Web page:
Poplar Grove Winery, on the Naramata Bench just north of Penticton, was established by Ian Sutherland with the goal of producing premium wines from estate-grown fruit. In 2007, Sutherland entered a partnership with Tony Holler and Barrie Sali which provided access the 100-acre Holler estate vineyards in the south Okanagan. The 2008 Gewurztraminer is highly aromatic, fragrant with rose petal, lychee, tropical and stone fruit. Dry and spicy, medium bodied and lively, the wine is very flavourful and displays a long fresh spicy finish. The 2009 Pinot Gris, just released in October, has a subtle nose of orchard and tropical fruit and a fresh fruity mouthful of citrus and orchard fruit. It’s light-medium bodied with bright notes of lemon, lime and grapefruit that linger on the zesty finish. The winery is known in the valley for holding its red wines in bottle for as much as 2 years prior to release. The 2006 Poplar Grove Merlot was aged in French oak for 18 months, then rested in bottle for 14 months. It’s perfumed with floral, plum and black fruit aromas, as well as a slightly sweet herbal note. Medium-full bodied, its complex and elegant, with a silky texture, well-integrated tannins and lovely black fruit, espresso and herbal flavours. The lengthy aftertaste is of dark chocolate winter fruit bark. The 2005 Legacy is a blend of Merlot, the Cabernets and Malbec, and spent 24 months in French oak followed by 18 months in bottle. Mahogany in color, it has subtle aromas of dried fruit, earth, mushrooms and leather. This is a structured wine with velvety tannins, fresh acidity and depth of flavour – spiced black and red berries, toast and pepper. The finish is long and lingering.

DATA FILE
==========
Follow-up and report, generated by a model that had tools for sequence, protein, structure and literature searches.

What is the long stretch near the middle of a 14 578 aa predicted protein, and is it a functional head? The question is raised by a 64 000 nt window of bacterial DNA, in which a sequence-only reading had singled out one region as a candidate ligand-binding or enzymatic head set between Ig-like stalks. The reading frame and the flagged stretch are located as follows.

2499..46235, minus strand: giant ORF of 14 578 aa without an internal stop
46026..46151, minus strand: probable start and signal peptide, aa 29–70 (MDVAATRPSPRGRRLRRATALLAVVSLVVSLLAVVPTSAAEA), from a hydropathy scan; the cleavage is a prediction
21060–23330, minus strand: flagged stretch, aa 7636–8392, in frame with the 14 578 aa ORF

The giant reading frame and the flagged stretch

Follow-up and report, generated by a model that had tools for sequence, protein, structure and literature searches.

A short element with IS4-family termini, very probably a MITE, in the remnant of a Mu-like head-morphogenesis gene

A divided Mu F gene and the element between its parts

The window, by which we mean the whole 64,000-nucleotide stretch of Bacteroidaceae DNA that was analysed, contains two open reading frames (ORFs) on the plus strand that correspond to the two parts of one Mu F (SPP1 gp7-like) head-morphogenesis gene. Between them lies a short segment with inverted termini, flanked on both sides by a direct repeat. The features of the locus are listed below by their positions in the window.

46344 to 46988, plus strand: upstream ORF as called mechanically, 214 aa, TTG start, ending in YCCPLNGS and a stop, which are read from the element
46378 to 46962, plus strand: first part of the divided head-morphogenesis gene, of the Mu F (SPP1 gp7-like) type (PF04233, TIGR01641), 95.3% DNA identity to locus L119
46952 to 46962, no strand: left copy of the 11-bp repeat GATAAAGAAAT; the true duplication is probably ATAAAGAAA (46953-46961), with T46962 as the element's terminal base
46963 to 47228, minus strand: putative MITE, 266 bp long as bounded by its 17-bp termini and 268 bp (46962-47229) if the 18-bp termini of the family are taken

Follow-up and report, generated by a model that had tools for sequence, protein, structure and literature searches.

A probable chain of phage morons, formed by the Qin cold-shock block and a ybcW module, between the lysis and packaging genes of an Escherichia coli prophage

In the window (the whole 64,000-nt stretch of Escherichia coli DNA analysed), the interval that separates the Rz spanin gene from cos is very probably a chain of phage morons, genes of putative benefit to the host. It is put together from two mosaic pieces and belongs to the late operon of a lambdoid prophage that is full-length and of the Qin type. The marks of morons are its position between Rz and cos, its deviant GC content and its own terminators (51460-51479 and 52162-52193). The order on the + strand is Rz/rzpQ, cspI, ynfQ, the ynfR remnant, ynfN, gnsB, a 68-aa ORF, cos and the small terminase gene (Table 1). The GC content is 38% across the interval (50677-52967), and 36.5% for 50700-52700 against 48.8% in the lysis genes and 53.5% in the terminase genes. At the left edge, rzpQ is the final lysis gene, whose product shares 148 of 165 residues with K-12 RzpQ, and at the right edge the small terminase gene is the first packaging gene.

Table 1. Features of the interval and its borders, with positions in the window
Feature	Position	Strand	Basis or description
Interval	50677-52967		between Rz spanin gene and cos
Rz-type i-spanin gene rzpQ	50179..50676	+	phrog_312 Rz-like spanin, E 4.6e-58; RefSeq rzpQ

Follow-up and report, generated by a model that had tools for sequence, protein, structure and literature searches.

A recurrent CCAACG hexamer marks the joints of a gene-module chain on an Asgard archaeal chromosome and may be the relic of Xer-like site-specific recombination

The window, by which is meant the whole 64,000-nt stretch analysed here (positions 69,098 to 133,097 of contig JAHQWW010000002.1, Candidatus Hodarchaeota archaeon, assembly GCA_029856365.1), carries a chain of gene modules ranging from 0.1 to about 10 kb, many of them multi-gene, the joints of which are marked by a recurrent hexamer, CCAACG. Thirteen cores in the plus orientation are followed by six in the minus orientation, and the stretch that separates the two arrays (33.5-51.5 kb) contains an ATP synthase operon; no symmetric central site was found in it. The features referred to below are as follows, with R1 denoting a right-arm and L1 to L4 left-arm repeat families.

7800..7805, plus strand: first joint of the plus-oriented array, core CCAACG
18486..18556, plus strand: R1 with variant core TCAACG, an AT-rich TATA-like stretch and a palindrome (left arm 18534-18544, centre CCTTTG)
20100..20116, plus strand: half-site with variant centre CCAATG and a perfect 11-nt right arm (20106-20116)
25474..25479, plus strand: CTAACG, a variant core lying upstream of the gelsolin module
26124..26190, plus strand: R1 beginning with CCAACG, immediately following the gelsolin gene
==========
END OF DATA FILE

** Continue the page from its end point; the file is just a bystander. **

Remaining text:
Kraze Legz is Kalenden’s first winery, although grapes are grown for other Okanagan wineries in this small hamlet just south of Penticton. We first discovered Kaleden when we headed down its steep main road in search of access to a hiking trail. While we never found the trail, we discovered Linden Gardens and the Frog City Café. This fantastic garden is the property of long-time fruit growers who grew tired of the straight rows of trees and decided to convert their property to a public garden. We visited in the spring, and the meandering paths, gently whispering lindens, water features and fragrant blooms and plants were a delight. Then there are the homemade treats to be enjoyed in the airy café. . . Don’t miss it! Then, wander across the way to Kraze Legz, owned by Gerry and Sue Thygesen. Of their 14 acres, 9 were planted to vines 4 years ago. While living in the U.S., they had tried to sell this steep property, fortunately without success! They’re now delighted to have the opportunity to establish their own winery, although Sue confesses that it has been and continues to challenging, as the two of them are doing most of the work themselves. They have a delightful newly constructed tasting room, decked out in a Prohibition-era theme. Available for tasting were 2 whites and a rosé, with plans for a couple of reds once the vines are of age. Their 2009 ‘Bees Knees’ Pinot Blanc won a silver at the Wine Access awards. It’s silky yet racy, with birght citrus, pear and apple aromas and flavours with a pithy bite on the finish. The 2009 ‘Charleston’ Chardonnay, while unoaked, comes in with a hefty 14.6% alcohol and is all about rich creamy texture, stone and tropical fruits with lively acidity that keeps it nicely balanced. The ‘Speakeasy’ Rosé was a favorite. This blend of Merlot, Cabernet Franc, Pinot Blanc, Chardonnay and Gewurztraminer is a delightful salmon color and offers sweet silky red fruity on entry, followed by bright acidity and a spicy note that carries through on the fresh fruity finish.